I'm certain that I was not the only person disgusted with Wrestlemania XXV. I'm not talking about the event as a whole, just it's sorry excuse for a main event. But as disgusted as I was with seeing Triple H retain the WWE Championship, I became even more sick when I saw the return of Dave Batista.
Here I was thinking, "just great, just f***ing wonderful". The WWE slapped me in the face by providing the most anti-climatic Wrestlemania ending in years, and now I have to be subjected to another month of garbage.
You see, when it was announced that Randy Orton would not get a rematch for the WWE title, I already knew that the month of April would become another useless delay. I've waited far too long for Randy Orton to regain his (yes, his) WWE title, and I wasn't exactly thrilled with the idea of having to wait some more.
But then a sign of hope arrived, a sign of hope in the most peculiar form. That form, ladies and gentleman, was the arrival of Vicki Guerrero.
I'll admit, when I first heard that she planned one becoming the permanent General Manager of Raw, I threw up a little bit inside my mouth. But then (much to my delight), Vicki Guerrero became my most unlikely savior.
"How?" you might wonder.
Her stipulation of turning the three-on-three Backlash contest into a WWE Championship match, proved to be a most refreshing dose of hope. So I took some time and analyzed the situation.
In the event that the match remained a non-title contest like Vince McMahon wanted in the first place, it might have provided an opportunity for Randy Orton to win. Otherwise, why not make it a title match so that way Triple H (and the rest of his very weak team) would look very heroic in victory.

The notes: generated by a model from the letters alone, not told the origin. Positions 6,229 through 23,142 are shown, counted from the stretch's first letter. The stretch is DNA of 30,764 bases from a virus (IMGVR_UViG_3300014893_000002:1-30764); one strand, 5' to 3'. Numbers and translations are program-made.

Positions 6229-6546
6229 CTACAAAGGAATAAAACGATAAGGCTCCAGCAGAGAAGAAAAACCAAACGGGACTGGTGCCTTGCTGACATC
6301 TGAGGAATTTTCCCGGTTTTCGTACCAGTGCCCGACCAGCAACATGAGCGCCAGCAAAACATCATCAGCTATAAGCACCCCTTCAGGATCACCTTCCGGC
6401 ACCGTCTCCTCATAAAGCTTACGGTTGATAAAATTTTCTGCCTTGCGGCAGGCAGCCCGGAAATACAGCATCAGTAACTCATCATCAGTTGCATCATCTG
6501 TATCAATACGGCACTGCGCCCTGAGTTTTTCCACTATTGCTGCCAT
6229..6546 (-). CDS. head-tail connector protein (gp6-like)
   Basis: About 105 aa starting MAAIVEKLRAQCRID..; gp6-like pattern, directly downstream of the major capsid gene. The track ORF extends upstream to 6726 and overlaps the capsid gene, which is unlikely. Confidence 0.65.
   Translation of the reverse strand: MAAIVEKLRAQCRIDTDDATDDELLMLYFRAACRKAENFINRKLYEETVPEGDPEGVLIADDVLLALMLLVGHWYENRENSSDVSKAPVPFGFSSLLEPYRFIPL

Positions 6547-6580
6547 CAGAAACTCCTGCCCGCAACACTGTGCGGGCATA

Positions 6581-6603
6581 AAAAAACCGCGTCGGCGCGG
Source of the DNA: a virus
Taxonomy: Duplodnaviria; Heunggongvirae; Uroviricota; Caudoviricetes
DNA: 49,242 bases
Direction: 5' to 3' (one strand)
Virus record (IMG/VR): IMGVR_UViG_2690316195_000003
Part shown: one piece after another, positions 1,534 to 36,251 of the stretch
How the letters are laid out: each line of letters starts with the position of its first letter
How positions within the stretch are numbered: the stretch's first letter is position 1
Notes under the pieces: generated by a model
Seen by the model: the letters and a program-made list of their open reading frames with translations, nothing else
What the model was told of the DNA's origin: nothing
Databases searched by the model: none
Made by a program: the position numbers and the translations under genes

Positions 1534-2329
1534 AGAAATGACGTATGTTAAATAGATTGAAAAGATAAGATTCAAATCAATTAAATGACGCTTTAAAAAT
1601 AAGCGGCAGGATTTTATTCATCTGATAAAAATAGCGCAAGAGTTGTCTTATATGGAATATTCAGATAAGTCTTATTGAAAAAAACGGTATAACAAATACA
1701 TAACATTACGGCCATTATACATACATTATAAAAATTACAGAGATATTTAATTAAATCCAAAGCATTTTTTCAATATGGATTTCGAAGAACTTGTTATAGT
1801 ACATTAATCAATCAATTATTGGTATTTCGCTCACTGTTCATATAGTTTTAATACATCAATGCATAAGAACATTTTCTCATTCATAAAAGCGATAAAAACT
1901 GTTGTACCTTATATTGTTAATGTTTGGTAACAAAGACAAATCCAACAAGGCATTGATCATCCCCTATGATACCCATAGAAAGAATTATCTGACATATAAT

Well, that could be one possible scenario but of the sake of my personal sanity, let's hope that we don't see anything of the sort. But I'll get to exploration of the "championship" stipulation of the match a little later on.
Later in the night, the Randy Orton vs. Vince McMahon match delivered exactly what I'd expect, poorly executed and excessively unrealistic choreography.
Almost every blow that Vince McMahon landed on Randy Orton wreaked of unrealistic fabrication. It's not that I don't enjoy seeing Mr. McMahon compete (such events prove to be quite entertaining) it's just the horrendous logic behind the concept of the match itself.
If Randy Orton could wipe the mat with Batista (as he did a few months back), why the hell is he being beaten up by a 63-year old Vince McMahon?
I understand that he is the chairman and the creator of everything I enjoy in my wrestling universe, but there reaches a point where his incorporation into in-ring competition makes the product look much more choreographed and unrealistic than it has to be.
In any event, reality finally began to sink in and Vince McMahon was beaten like a decrepit animal (a much more realistic turn of events if you ask me).
Then, his son Shane decided to make it a two-on-one affair. Protecting his father yes, but further damaging his father's credibility to be able to hold his own (if that's even possible) by resorting to "heel-like" tactics.